All govt buildings need run on total solar power

May 15, 2013 Off By Web Desk

Karachi: Energy crisis, especially very costly and scarce electricity is the most pressing economic problem of Pakistan and the coming government of Pakistan Muslim League-Nawaz led by Mian Nawaz Sharif needs to fully utilized abundant solar energy in the country and the first steps in this regard would be turning all government buildings – offices, schools, colleges, universities, healthcare centers, police stations, streetlights, railways installations, etc – on total solar power.

This single step if carried out dedicatedly would not only save billions of rupees in the head of electricity bills but also help in provision of more electricity to domestic sector and industry, thus denting the menace of load shedding.

The whole world is going to utilize solar energy optimally. The concept of developing ‘solar cities’ is getting popular not only the developed world but also developing countries like neighbouring Indian, where the government is working to convert more than 50 cities into solar cities.

Pakistan has immense potential to cater all its electricity needs from solar energy. It is said that if only 0.25% of Balochistan is covered with solar panels with an efficiency of 20%, enough electricity would be generated to cover all of Pakistani demand.

A solar city is an urban community that is committed to the development of sustainable energy to power its development, rather than the continuing reliance on fossil and nuclear fuels. It is a worldwide movement that seeks to share knowledge and best practice on tackling some of the major issues of the early 21st century – that of climate change and peak oil.

Solar energy is very cost effective. USA, Germany, Australia, Brazil, UK, Japan, India, China and Thailand are now generating electricity in bulk through solar system. Japan is generating electricity at the cost of only two cents per kilowatt per hour (KWH).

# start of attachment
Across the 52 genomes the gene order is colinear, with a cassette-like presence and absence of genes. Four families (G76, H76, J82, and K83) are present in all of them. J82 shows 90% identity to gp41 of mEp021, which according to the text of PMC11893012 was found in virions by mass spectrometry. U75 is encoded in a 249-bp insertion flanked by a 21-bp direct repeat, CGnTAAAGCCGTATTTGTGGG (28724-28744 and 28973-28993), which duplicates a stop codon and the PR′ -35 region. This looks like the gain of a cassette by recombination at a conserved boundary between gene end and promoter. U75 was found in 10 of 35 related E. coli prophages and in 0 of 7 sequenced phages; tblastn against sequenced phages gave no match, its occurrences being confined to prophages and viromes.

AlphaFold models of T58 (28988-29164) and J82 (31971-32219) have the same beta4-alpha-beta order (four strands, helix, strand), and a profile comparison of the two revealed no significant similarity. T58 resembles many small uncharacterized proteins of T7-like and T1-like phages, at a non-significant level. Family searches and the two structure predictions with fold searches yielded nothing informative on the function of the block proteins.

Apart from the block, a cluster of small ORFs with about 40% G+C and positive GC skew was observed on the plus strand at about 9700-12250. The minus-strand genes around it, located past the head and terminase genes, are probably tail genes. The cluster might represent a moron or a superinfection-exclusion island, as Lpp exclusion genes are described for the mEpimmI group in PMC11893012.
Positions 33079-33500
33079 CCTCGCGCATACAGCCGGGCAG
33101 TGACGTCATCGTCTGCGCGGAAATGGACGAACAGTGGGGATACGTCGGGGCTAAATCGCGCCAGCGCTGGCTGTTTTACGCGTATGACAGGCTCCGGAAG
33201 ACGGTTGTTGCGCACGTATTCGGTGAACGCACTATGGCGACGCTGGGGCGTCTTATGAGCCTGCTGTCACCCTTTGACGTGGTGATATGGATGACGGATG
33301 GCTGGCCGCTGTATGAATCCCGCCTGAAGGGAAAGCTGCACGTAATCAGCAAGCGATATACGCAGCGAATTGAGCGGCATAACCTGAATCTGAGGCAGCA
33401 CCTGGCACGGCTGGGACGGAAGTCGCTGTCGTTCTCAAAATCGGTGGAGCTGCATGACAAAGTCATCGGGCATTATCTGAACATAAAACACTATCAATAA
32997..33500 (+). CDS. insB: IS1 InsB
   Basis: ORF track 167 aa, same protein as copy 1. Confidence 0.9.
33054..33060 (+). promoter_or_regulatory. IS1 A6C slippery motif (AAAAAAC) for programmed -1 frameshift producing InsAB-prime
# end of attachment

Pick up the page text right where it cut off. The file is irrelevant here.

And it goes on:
India is amongst the counties committed to fully utilize solar energy. Fifty-four cities across India have received in-principle approval to be developed as ‘solar cities’ by the Ministry of New and Renewable Energy.

The draft Master Plans have been prepared for 28 cities, of which eight have been approved by the Ministry for implementation; the development of projects is in progress in Agra and Moradabad (Uttar Pradesh), Thane and Kalyan-Dombivli (Maharashtra), Indore (Madhya Pradesh), Kohima (Nagaland), Aizawl (Mizoram) and the Union Territory of Chandigarh.

An amount of Rs. 19.23 crore has been sanctioned for preparation of Master Plans, solar city cells and promotional activities for 41 cities, out of which Rs. 4.22 crore has been released. Further, an amount of Rs.11.98 crore has been sanctioned for execution of renewable energy projects in five cities, out of which Rs. 3.87 crore has been released.

The Indian government says the criteria set for the identification of cities include a city population between 50,000 to 50 lakh (with relaxation given to special category States, including the north-eastern States), initiatives and regulatory measures already taken along with a high level of commitment in promoting energy efficiency and renewable energy. The renewable energy has the potential to be cost effective with advancement in technologies and economies of scale.

In view of the growing needs of energy in Pakistan, the efficient use and development of renewable energy sources has become a major issue in the country. Fortunately, Pakistan is among those countries in which sun warms the surface throughout the year and therefore has a strong potential for solar power generation.

Pakistan is an exceptionally sunny country and experts say if only 0.25% of Balochistan is covered with solar panels with an efficiency of 20%, enough electricity would be generated to cover all of Pakistani demand.

Solar energy makes much sense for Pakistan for several reasons: firstly, 70% of the population lives in 50,000 villages that are very far away from the national grid, according to a report by the Solar Energy Research Centre (SERC). Connecting these villages to the national grid would be very costly, thus giving each house a solar panel would be cost efficient and would empower people both economically and socially.

Pakistan has a potential to generate over 2.324 million megawatts (mw) electricity per annum through solar system. However there is need to manufacture all components of solar system locally in order to make them viable for the local as well export market. Presently, solar panels are imported in Pakistan. Though some companies of Germany and China intend to install solar panel manufacturing units in Pakistan, but the government has to seriously take efforts in setting up of solar panel factories in Pakistan by giving them good incentives.

The government should work on long-term plans to make Pakistan a leading solar energy consuming country; however, as a short-term measure the government could run its buildings, installations and institutions on solar energy. If our schools, hospitals, offices, police stations, tube-wells and other buildings are run on the solar energy the government could save a huge chunk of its budget for its popular public welfare projects besides saving a lot of electricity for domestic and industrial consumers.